• Local engineers have become redundant despite having acquired knowledge and standards of practice across the world.
• Engineers said that the procuring entity is using the tendering process to reserve businesses for foreign bidders.
Local engineers have accused the Kenya Power company of tailoring government tenders to favour Chinese companies.
Under the Energy Sector Association, the engineers told the Public Procurement Administrative Review Board that procurement agencies reserve businesses for foreign bidders.
In documents filed in court, the engineers claim that KPLC was also embracing a little-known foreign technology to lock them out of the lucrative business.
This, in turn, does not promote national inclusiveness and is destroying the local industry.
“The requirements should not be the main factor in evaluation but should be standard to be observed," the association told the board.
ESA said that the procuring entity at KPLC also included in its tenders little-known services and items only used and licensed abroad to favour foreign entrepreneurs.
They said the move by KPLC has declared them redundant despite having acquired knowledge and standards practice across the world.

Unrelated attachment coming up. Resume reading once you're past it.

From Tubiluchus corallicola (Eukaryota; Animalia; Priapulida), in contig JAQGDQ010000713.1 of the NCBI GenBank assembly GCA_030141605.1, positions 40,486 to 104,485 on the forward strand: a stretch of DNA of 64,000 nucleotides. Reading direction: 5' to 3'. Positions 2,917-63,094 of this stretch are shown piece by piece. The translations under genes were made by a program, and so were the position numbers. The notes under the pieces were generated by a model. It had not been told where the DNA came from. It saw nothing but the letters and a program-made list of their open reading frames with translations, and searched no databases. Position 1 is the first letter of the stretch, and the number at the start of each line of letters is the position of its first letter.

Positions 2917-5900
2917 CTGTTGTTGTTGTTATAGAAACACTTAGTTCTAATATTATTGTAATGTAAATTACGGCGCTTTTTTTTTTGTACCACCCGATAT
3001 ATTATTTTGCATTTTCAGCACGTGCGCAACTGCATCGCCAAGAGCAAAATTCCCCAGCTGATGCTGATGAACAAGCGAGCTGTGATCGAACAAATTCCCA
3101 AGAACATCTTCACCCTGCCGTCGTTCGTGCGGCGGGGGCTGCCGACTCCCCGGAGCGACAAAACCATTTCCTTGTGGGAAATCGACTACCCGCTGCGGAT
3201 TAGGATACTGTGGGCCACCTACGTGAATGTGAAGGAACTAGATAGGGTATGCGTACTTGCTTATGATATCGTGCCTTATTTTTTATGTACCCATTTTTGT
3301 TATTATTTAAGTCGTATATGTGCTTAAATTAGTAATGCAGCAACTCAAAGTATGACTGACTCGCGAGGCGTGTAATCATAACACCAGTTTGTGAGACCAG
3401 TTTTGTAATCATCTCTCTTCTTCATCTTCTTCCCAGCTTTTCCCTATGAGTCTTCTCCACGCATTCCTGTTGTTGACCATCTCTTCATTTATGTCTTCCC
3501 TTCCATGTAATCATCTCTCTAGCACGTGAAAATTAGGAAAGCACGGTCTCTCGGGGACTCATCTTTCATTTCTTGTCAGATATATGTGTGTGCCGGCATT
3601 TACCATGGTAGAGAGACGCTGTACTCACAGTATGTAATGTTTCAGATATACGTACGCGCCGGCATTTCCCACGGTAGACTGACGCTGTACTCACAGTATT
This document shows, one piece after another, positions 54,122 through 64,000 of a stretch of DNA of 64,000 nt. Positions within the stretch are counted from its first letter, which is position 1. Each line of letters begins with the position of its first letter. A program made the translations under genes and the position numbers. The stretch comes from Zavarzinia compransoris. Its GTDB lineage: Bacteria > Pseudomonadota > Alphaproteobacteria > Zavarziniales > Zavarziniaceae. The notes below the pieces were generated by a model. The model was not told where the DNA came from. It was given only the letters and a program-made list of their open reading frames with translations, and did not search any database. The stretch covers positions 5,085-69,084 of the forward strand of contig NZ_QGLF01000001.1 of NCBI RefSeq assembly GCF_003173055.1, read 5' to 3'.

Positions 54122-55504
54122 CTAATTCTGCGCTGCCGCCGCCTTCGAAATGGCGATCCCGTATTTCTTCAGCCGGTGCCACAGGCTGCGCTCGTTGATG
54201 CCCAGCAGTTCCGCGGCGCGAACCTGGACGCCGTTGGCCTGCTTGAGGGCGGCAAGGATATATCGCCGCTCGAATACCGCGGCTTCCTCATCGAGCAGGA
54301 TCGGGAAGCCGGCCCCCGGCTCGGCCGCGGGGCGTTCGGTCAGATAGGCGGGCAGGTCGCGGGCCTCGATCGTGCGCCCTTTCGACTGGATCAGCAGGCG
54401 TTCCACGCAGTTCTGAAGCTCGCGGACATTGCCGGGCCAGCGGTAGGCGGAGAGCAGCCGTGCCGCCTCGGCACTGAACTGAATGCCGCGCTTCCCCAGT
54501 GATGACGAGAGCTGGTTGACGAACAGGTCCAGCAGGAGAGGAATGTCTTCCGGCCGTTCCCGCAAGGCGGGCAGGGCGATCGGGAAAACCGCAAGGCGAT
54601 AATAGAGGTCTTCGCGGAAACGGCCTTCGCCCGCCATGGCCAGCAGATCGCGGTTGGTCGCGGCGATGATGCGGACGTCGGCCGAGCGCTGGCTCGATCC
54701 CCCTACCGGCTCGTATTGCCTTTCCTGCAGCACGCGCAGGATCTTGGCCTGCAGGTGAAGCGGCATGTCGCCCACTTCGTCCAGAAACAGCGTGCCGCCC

ESA said KPLC has failed to promote inclusiveness, support local graduates and industries.
This has lead to job losses, a stagnant sector and lack of job opportunities for locals.
“The defendant does not in any way enhance the promotion of local industry and does not promote inclusiveness, which is a national value and principle,” the association vice chairman Vincent Okumu said.
They added that the tendering rules curtail competition locking out local bidders.
“The applicant avers that both the constitution and the Act aim at ensuring that citizen contractors do not face unnecessary barriers when bidding in public procurement,” they said.
The association said that the tendering process was in breach of section 3 (a) of the Public Procurement and Asset Disposal Act as it fails to promote the national values and principals provided under article 10 of the constitution, which calls for free and fair tendering processes in order to promote local industries.
“The applicant members through sought clarifications and requested the amendments of the tender document to get rid off the offending clauses to no avail,” they said.
Only foreign bidders will be able to take part in the tender as no local firms have the capacity to participate in the procurement competitively, the lobby says.